The plaintiffs asserted that by incorporating under the state nonprofit corporation law the church voluntarily submitted itself to the jurisdiction of the civil courts; and, that because the church's act of expelling them from the congregation was not "fair and reasonable" as required by the nonprofit corporation law and violated the Church's own bylaws, they had standing to bring their lawsuit. Further, they claimed that since they were never lawfully expelled from the church, they were still members and had the right to under the state nonprofit corporation law to inspect the church's financial records.
The plaintiffs claimed that the ecclesiastical abstention doctrine did not prevent the court from resolving their claims since (1) they were alleging "secular causes of action and not non-reviewable matters of church polity or doctrine"; and (2) a determination that the church violated its bylaws, and state law, in expelling the 156 members would not require the court to make "any constitutionally prohibited inquiry into doctrinal matters or religious law."
The appeals court began its opinion by noting that it had to decide "whether the expelled church members can use the Hawaii Nonprofit Corporations Act as a vehicle for enforcement of the church's bylaws despite the constitutional doctrine of ecclesiastical abstention." The court concluded that the ecclesiastical abstention doctrine did not prevent it from resolving the plaintiffs' wrongful expulsion claim, or from recognizing their legal right to inspect church records.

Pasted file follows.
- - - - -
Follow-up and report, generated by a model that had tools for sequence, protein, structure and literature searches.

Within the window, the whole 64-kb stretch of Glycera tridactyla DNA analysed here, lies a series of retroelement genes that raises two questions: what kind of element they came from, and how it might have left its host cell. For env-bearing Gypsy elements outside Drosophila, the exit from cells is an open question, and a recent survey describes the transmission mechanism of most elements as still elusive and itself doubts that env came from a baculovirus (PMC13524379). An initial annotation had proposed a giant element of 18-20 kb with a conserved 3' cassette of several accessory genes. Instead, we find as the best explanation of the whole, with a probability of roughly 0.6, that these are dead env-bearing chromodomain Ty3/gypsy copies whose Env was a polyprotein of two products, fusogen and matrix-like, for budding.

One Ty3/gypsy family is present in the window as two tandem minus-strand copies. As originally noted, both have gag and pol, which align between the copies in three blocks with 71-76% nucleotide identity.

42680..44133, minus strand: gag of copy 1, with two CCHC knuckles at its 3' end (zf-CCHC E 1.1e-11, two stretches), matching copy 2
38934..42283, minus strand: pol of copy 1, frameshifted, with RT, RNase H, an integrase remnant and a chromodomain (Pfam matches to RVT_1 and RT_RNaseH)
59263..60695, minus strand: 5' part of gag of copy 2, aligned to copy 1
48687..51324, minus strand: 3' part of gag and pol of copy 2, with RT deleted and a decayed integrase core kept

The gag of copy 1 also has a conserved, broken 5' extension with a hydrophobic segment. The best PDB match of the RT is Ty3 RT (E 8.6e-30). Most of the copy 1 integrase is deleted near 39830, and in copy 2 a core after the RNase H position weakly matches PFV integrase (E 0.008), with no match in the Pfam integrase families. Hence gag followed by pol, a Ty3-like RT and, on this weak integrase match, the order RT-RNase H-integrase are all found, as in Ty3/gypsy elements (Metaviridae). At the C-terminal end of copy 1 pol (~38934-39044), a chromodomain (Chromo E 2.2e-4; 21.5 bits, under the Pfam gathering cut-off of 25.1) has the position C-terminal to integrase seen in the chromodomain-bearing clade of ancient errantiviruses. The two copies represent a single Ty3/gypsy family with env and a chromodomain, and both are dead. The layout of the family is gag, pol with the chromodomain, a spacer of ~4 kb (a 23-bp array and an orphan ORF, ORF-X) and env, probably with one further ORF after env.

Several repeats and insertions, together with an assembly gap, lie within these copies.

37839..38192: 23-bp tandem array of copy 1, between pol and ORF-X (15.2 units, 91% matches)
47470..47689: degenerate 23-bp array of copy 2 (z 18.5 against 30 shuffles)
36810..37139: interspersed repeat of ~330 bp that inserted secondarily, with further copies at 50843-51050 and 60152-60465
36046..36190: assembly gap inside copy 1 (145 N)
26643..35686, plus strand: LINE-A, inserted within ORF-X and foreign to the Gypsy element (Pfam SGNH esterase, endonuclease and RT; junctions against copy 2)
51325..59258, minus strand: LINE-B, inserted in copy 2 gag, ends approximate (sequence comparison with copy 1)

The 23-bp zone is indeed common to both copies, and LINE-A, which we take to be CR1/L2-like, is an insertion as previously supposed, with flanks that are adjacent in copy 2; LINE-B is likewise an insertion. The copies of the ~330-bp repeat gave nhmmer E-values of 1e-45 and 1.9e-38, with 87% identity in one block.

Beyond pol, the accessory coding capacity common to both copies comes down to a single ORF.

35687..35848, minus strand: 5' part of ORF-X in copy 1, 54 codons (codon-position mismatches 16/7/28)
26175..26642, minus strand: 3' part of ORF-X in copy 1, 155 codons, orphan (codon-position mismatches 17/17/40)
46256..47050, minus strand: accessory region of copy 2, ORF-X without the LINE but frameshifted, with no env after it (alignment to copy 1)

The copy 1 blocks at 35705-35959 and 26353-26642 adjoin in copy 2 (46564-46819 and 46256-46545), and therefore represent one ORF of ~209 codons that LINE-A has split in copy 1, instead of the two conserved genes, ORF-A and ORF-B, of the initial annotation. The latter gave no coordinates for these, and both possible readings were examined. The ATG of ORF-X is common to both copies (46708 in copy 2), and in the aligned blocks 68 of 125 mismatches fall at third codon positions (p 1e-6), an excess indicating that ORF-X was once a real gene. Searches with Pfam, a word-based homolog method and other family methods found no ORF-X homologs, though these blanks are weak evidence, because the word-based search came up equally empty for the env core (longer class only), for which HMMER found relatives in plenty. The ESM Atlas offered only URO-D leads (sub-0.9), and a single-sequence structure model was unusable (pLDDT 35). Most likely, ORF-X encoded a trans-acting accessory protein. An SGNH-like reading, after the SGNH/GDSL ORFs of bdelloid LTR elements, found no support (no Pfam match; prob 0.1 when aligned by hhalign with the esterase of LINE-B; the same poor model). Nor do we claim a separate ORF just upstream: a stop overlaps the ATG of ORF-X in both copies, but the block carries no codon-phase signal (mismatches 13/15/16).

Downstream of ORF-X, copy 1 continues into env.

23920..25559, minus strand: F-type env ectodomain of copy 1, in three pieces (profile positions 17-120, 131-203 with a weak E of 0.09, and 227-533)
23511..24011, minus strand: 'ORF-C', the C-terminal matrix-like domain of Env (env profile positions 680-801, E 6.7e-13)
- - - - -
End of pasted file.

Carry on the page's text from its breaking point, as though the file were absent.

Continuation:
The court made a distinction between hierarchical and congregational churches. Hierarchical churches have their own established rules for discipline and internal government, and tribunals "tied to and based on ecclesiastical law developed over long periods of time …. To delve into the decision-making processes of these bodies would entangle a court into the religious thicket."
But, in a congregational church there is no body of ecclesiastical law to invoke, no internal tribunal to appeal to. A member of a congregational church, seeking the aid of the court in protecting his civil and property rights, may appeal only to the simple and fundamental principles of democratic government which are universally accepted in our society. These principles include the right to reasonable notice, the right to attend and advocate one's views, and the right to an honest count of the votes.
Such rights are fundamental to our notions of due process. They are neutral principles of law, applicable not only to religious bodies, but to public and private lay organizations and to civil governments as well. Courts must apply them every day, and can do so without any danger of entering a religious thicket. Therefore, the authorities which preclude the courts from examining whether an hierarchical church correctly followed its own internal procedures, or correctly applied its canon law, are inapposite to the question before us.
Similarly, the ecclesiastical abstention doctrine did not prevent the court from enforcing the plaintiffs' right, under the state nonprofit corporation law, to inspect the church's financial records since such a decision "would not involve any religious or ecclesiastical matter." Baldonado v. Way of Salvation Church, 185 P.3d 913 (Hawaii App. 2008).